Tech companies — and LeBron James — launch ads promoting driverless car safety

Waymo, Intel and others realize they face a "skeptical public," even as Congress paves the way.

WASHINGTON — Alphabet Inc's self-driving car unit Waymo and several groups are launching a campaign aimed at convincing skeptical Americans of what they say is the value and safety of driverless cars, as Congress considers how it will regulate the technology.

Waymo said on Monday that it was teaming with Mothers Against Drunk Driving, the National Safety Council, and the Federation for Blind Children in a campaign called "Let's Talk Self-Driving."

The campaign says that self-driving cars could help eliminate most alcohol-related crash deaths and allow the blind broader access to personal transportation.

A similar ad from Intel features basketball star LeBron James climbing apprehensively into a self-driving car, then discovering he likes it.

The country is wrangling with how to regulate the rapidly growing technology, with critics arguing that Congress is moving too fast and not ensuring enough safeguards.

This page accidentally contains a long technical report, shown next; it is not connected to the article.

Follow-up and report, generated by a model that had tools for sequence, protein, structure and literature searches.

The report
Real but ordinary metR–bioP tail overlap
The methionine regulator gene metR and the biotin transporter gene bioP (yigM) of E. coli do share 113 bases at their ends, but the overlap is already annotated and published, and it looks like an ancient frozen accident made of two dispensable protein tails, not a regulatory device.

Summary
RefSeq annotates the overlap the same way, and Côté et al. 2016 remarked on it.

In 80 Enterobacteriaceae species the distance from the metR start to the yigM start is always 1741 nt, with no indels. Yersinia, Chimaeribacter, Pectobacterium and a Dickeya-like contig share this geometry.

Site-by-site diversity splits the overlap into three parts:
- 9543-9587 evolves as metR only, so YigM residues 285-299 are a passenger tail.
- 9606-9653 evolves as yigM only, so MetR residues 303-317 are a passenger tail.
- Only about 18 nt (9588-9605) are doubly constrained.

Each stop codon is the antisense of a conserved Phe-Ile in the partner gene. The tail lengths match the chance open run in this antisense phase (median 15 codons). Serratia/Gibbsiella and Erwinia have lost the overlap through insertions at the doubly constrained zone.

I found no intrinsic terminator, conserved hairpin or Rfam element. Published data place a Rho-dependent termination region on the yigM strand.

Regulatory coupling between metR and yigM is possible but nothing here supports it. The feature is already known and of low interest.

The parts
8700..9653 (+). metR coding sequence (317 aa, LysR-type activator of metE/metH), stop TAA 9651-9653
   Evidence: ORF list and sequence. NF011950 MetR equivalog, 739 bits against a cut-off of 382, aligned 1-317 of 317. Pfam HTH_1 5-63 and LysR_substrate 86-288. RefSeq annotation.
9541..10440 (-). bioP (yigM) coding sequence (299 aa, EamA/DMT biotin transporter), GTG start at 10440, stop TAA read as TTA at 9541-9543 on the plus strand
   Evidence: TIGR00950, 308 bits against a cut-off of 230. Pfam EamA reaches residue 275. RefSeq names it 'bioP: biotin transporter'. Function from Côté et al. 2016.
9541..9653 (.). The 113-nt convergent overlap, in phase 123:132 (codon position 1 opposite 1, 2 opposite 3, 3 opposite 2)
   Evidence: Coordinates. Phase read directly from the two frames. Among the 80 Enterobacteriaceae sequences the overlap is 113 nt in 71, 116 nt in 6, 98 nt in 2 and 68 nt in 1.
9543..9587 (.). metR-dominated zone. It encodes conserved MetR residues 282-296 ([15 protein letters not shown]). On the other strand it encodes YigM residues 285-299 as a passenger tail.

Waymo, which began as the Google self-driving car project, said the campaign will begin on Monday in Arizona, where the company is testing self-driving cars. It is set to include digital ads, outdoor billboards, fuel pump advertising and radio spots.

The company declined to say how much the advertising campaign will cost.

Recent surveys show a majority of Americans are unsure about self-driving cars. In March, the American Automobile Association (AAA) said it had found that three-quarters of U.S. drivers said they would be afraid to ride in a self-driving car.

In February, U.S. Transportation Secretary Elaine Chao urged "Silicon Valley, Detroit, and all other auto industry hubs to step up and help educate a skeptical public about the benefits of automated technology."

Waymo chief executive John Krafcik said in a blog post: "There's great enthusiasm and curiosity about self-driving cars — and there's some confusion, too." He added that the "technology can help address some of the biggest safety challenges on our roads today."

The federal government just announced that U.S. traffic deaths jumped 5.6 percent in 2016 to a decade-high of 37,461, and pedestrians killed rose 9 percent to 5,987, the highest number since 1990.

On Wednesday, a U.S. Senate panel unanimously gave the green light to a bill aimed at speeding the use of self-driving cars without human controls, a measure that also bars states from imposing regulatory road blocks.

The bill still must clear a full Senate vote, but it appears on track to passage. General Motors, Alphabet, Ford and others have lobbied for the landmark legislation, while auto safety groups have pledged to keep fighting for changes.

Reporting by David Shepardson

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